Baja sea kayak trip report

-- Last Updated: Dec-02-07 10:25 AM EST --

Hola paddlers!

We spent over two fun-packed weeks kayak exploring coastline along the Baja Peninsula in the Sea of Cortez. Our goal was to have some fun day trips from a base camp and also paddle another section of coast. We were able to do both with the help of a friend who made it possible to drop off our shuttle car at the southern end of our coastal route - Bahia de los Angeles.

Our day camps were located near Punta Final at Bahia San Luis Gonzaga and in Bahia de los Angeles. From these camps we did some great day and over night paddles to explore a hyper saline lagoon, go diving, see finback whales, and paddle with whale sharks.

The section of coast we paddled was about 90 miles between Bahia San Luis Gonzaga and Bahia de los Angeles. This was a 7 day paddle with three days forced on shore 30 miles from anywhere due to heavy winds and the resulting high seas. I'm working on another article on this trip for Sea Kayaker magazine. Though they have yet to accept it they did publish an article in the December issue about our last Baja trip kayaking the Colorado River Delta (see:

To get to the hyper saline lagoon that’s located along the Baja shore line we paddled south from our day camp in Bahia Gonzaga. We made this short paddle an over night trip so we had room in our kayaks for SCUBA gear, two tanks, food water and camping gear. For diving with the sea lions in Bahia de los Angeles, we hired a panga and local guide to make it easy ($130.00 for half a day - two dives and whale watching - split three ways).

As for beach landings between Bahia Gonzaga and Bahia de los Angeles - There are lots of beaches that are sandy at high tide but rocky at low tide, so you just have to take your chances. Ideally, you start paddling at low tide and arrive at your goal at high tide. Ideally... The best thing is to start paddling before sun up and get in as many miles as you're comfortable with before the afternoon onshore winds kick in or when you find a perfect beach. Or, get in before the waves are too big for landing with your skill level. I don't doubt there are kayakers out there who would have loved landing and launching in the seas that kept us shore-bound, but we chose to be safe on shore, knowing the limits of our skill levels and the potential complications of injury or a broken boat so far from help.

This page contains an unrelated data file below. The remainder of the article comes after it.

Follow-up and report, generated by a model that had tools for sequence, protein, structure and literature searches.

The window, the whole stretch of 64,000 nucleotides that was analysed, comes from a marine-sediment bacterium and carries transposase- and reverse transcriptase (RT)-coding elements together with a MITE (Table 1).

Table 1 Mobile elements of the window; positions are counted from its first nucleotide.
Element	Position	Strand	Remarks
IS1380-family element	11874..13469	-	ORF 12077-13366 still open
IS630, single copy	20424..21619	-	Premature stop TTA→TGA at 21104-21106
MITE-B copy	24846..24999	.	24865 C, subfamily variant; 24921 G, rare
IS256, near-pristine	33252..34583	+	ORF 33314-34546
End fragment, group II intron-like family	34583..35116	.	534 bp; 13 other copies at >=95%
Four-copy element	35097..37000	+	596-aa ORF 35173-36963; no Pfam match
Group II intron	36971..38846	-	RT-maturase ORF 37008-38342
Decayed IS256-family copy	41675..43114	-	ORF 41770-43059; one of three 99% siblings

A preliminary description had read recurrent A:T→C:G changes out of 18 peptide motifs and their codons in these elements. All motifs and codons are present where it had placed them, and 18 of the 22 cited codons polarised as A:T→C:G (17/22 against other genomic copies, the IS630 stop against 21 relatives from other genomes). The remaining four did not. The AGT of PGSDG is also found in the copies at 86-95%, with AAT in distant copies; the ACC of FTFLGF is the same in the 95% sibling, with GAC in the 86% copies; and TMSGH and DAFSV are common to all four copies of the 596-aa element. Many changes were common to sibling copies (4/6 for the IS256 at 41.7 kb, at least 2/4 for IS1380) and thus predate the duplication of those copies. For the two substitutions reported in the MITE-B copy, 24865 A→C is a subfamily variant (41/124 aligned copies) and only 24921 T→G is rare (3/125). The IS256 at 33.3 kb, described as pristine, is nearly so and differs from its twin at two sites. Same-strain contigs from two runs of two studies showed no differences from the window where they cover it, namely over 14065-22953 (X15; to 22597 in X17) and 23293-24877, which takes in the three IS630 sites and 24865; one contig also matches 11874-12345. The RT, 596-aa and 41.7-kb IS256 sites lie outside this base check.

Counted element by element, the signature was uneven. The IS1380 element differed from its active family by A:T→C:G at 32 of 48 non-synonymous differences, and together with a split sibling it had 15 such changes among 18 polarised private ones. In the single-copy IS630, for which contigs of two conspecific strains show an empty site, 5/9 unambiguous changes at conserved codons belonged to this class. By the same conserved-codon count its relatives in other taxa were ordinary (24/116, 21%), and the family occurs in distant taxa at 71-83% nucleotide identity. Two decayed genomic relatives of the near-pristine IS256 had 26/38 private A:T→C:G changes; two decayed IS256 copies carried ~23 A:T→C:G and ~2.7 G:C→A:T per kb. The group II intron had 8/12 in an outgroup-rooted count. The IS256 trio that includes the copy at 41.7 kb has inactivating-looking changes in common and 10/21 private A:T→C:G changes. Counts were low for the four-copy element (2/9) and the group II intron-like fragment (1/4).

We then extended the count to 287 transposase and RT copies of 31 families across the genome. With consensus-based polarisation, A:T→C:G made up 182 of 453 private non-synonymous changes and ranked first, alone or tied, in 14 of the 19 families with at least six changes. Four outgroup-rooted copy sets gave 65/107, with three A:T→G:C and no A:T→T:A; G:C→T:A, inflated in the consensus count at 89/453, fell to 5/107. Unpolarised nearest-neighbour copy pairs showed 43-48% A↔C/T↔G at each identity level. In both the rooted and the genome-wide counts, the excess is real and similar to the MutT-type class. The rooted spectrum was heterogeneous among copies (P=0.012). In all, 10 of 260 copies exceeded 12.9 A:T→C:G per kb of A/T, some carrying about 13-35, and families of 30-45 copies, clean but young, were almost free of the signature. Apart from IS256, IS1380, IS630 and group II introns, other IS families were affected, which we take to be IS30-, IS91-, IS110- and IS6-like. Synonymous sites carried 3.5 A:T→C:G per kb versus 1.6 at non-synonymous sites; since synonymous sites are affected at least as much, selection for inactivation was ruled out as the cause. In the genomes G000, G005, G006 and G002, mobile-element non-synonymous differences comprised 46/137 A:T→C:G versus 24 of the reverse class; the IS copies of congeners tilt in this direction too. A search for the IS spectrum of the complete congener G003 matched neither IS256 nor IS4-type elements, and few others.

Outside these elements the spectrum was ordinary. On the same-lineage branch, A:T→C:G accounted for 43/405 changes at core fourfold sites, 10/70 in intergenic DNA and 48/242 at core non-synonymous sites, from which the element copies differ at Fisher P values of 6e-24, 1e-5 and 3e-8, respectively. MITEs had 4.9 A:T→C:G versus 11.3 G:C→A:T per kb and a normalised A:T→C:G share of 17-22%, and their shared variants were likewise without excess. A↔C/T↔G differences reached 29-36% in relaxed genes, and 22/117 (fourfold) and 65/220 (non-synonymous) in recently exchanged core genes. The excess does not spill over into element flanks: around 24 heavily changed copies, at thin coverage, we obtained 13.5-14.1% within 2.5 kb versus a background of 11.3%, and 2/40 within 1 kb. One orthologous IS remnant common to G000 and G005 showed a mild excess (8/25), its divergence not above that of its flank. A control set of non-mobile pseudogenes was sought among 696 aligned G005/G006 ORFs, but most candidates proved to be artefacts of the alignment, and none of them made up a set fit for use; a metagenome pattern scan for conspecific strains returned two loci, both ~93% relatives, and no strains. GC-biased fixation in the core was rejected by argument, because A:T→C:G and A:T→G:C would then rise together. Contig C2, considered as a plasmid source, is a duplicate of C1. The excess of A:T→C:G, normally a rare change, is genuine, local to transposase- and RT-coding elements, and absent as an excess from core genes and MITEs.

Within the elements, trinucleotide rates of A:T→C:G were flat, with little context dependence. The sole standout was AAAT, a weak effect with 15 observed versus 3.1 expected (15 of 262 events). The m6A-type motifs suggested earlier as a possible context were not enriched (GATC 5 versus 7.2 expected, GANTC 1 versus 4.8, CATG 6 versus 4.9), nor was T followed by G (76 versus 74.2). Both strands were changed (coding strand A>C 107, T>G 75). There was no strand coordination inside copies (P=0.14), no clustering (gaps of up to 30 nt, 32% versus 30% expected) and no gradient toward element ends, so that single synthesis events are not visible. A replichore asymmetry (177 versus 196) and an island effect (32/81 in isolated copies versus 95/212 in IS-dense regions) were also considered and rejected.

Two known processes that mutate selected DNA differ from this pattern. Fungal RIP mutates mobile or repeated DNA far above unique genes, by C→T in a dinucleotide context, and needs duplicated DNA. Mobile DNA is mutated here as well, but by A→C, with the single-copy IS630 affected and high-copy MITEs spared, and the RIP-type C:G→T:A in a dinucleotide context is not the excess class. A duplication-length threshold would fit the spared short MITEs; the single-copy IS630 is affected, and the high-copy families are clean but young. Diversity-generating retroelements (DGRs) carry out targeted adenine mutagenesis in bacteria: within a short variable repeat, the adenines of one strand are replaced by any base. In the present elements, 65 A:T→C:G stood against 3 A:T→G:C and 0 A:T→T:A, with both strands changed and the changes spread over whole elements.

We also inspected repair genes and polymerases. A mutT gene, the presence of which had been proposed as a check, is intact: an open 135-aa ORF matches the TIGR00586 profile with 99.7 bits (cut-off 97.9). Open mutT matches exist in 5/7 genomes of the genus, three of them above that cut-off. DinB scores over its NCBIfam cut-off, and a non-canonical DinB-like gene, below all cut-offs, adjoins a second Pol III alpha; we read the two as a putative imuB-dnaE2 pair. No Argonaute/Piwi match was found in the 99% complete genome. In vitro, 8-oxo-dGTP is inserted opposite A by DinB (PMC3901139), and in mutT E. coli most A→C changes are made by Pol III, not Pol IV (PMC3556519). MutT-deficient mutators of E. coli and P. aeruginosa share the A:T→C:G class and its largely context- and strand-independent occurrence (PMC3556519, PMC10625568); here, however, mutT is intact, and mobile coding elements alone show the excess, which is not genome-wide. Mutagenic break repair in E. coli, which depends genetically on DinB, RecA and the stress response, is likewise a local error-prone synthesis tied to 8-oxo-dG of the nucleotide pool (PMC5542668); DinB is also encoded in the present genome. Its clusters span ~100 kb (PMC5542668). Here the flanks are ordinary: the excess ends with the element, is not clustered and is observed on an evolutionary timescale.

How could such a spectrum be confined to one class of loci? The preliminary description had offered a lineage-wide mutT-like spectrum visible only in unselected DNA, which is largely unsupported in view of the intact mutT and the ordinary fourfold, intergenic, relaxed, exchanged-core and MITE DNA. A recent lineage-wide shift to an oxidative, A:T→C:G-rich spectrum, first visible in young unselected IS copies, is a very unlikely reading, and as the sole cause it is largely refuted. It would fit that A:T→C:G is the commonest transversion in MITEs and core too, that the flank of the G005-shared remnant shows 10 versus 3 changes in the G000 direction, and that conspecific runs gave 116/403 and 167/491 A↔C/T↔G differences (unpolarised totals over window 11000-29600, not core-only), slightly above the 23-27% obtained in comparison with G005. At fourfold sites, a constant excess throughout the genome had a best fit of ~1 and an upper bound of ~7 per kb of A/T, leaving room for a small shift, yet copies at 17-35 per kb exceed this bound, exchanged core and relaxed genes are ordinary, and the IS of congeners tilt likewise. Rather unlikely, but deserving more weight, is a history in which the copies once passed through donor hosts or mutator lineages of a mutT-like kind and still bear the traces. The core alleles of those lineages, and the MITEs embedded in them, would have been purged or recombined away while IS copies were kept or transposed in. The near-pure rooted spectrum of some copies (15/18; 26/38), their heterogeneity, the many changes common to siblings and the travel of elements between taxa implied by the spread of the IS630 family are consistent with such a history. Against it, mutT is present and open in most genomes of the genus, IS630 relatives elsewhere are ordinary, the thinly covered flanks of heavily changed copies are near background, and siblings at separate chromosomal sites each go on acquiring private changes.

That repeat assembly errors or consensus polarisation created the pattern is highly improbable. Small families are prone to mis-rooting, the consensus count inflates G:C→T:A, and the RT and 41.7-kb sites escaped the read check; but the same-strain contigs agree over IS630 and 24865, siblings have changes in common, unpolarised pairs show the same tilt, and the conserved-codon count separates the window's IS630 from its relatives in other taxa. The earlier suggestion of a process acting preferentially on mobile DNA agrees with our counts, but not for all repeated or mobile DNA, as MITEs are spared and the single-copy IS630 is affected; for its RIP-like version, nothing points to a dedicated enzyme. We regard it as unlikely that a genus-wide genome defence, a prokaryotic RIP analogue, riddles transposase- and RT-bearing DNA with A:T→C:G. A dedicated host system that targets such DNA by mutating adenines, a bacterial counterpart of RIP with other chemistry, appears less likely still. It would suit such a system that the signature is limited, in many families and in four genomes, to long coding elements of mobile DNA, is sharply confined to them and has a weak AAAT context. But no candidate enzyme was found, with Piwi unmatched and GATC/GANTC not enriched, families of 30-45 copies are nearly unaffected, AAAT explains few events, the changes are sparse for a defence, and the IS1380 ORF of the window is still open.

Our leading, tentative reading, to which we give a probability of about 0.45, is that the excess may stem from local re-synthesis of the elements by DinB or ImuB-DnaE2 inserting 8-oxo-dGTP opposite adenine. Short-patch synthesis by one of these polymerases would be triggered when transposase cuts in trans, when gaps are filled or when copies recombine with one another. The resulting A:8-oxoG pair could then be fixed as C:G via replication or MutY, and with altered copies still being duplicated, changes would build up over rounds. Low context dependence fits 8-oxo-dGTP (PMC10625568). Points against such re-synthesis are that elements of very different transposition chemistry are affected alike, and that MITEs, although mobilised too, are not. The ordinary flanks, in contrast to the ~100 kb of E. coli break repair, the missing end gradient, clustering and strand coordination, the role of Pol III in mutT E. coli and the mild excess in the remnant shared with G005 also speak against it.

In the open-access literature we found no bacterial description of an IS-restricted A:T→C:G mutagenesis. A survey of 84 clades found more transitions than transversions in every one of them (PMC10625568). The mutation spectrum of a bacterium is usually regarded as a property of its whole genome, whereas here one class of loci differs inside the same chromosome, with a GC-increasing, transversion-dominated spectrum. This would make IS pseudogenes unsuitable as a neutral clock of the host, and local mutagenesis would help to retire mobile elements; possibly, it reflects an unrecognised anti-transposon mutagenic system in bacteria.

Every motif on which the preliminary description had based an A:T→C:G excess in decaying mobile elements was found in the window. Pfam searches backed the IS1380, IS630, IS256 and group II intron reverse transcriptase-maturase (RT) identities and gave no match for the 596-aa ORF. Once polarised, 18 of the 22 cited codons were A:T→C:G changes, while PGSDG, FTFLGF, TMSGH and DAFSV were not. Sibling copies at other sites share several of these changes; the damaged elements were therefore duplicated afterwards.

As for water, we took 8 gallons each for the 90 miles. We figured we could do it in 5 days, but planned to have extra just in case. Given the strength and duration of the norther that blew through, I'm glad we did.

We’ve begun posting photos and videos of this last trip here:


Greg Joder

OK…I’m curious

– Last Updated: Dec-02-07 5:21 PM EST –

What kind of a kayak can you put 2 scuba tanks, back pack or BCD, weights, mask, fins, camping gear plus food in? That's a lot even if the tanks are 63 cuft.

I tried to find a picture of your kayak. The loaded kayak would have made a good picture.

I have dived a lot in the Sea of Cortez and used my Yamaha Waverunner for transportation with the dive gear tied and strapped in a towed 2 man raft. Isla San Jose and surrounding islands are my favorite.


– Last Updated: Dec-02-07 7:05 PM EST –

Good question!

Remember, this part of the trip was simply an over-nighter and about 12 miles round trip. My brother and his friend each carried one tank plus their scuba gear and camping basics in their kayaks and I carried the bulk of the food, water and other camping gear. I didn't dive on this overnighter, but served as ground support. I have a Seda Amigo (500lb capacity) so my kayak can be considered the 'barge' for these kinds of trips, carrying tons of gear. I also bought it because I tend to carry an excessive amount of bulky camera and video gear. I'll look for a photo to post on the website.

Though, the idea of using a wave runner to haul gear sounds appealing!

Happy paddling,


Just don’t forget to plug

– Last Updated: Dec-03-07 7:05 PM EST –

the rooster tail hole if it is a Yamaha. The rooster tail is only for show and has no mechanical advantage or use but it will fill a raft on a few minutes.

The Sea of Cortez is by far the best year round place for diving on the west coast of the Americas from Alaska to the Cape.

Sounds like you have a great trip.